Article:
Why Empathy Makes You More Helpful | Art Markman

Empathy affects your motivation to be helpful!


There is a lot of research suggesting that empathy increases people’s desire to help others. Empathy is the ability to share other people’s emotion. The better able you are to feel what someone else is feeling, the more likely you are to want to help them when they are in a difficult situation. This ability also extends to animals. We are able to project feelings onto animals like dogs, and that increases our need to help them.


But, what is it about empathy that promotes the need to help?


An interesting paper by Louisa Pavey, Tobias Greitemeyer, and Paul Sparks in the May, 2012 issue of Personality and Social Psychology Bulletin explored this question. They suggest that empathy increases people’s intrinsic motivation to be helpful.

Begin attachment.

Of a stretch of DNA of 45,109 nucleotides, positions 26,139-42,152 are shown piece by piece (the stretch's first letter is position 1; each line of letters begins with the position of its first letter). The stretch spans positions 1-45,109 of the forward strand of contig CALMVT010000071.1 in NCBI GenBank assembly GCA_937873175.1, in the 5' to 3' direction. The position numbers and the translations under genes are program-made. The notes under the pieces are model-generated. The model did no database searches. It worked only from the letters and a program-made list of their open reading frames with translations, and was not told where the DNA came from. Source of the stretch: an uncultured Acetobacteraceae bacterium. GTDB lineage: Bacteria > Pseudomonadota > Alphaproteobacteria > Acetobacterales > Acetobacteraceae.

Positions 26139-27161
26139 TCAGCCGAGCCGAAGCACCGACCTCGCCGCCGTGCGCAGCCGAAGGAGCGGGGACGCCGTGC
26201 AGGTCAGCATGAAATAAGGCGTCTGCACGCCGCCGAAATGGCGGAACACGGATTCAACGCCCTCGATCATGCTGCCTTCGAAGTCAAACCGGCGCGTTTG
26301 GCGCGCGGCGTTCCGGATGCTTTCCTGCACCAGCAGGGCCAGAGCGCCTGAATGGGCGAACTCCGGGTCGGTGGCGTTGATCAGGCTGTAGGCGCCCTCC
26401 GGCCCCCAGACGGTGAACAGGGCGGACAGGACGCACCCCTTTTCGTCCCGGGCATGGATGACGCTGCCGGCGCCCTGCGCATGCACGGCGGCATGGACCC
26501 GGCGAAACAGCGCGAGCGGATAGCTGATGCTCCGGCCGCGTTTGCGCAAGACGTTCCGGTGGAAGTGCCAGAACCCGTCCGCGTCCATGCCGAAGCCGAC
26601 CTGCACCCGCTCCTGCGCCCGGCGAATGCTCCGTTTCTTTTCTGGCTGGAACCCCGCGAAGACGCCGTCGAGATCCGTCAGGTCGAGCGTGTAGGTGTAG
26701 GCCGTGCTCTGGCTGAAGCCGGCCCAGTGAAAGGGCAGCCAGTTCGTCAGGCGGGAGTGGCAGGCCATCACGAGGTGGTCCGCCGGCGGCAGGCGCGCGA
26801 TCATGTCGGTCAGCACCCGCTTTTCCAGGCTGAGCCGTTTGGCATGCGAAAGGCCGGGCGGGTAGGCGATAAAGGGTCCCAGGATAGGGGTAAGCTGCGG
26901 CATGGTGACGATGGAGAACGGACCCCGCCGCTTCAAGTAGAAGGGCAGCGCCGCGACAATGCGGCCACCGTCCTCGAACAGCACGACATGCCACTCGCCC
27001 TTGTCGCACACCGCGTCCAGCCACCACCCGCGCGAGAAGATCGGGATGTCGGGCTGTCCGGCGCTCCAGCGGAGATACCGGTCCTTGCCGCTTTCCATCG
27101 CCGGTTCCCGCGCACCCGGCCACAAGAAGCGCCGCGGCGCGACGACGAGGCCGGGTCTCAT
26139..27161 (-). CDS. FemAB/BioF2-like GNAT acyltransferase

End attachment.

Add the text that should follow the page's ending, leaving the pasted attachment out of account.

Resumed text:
A theory of motivation called Self-Determination Theory developed by Richard Ryan and Edward Deci suggests that people engage in behaviors for one of two broad reasons. Sometimes, people have internal or intrinsic motivation. They simply find these behaviors desirable. Sometimes people engage in a behavior because it is expected of them or they will be punished if they do not perform the behavior. In this case, they are externally or extrinsically motivated.


Pavey, Greitemeyer, and Sparks suggest that empathy increases people’s intrinsic motivation to want to help, and that pushes them to act. They tested this proposal in two ways.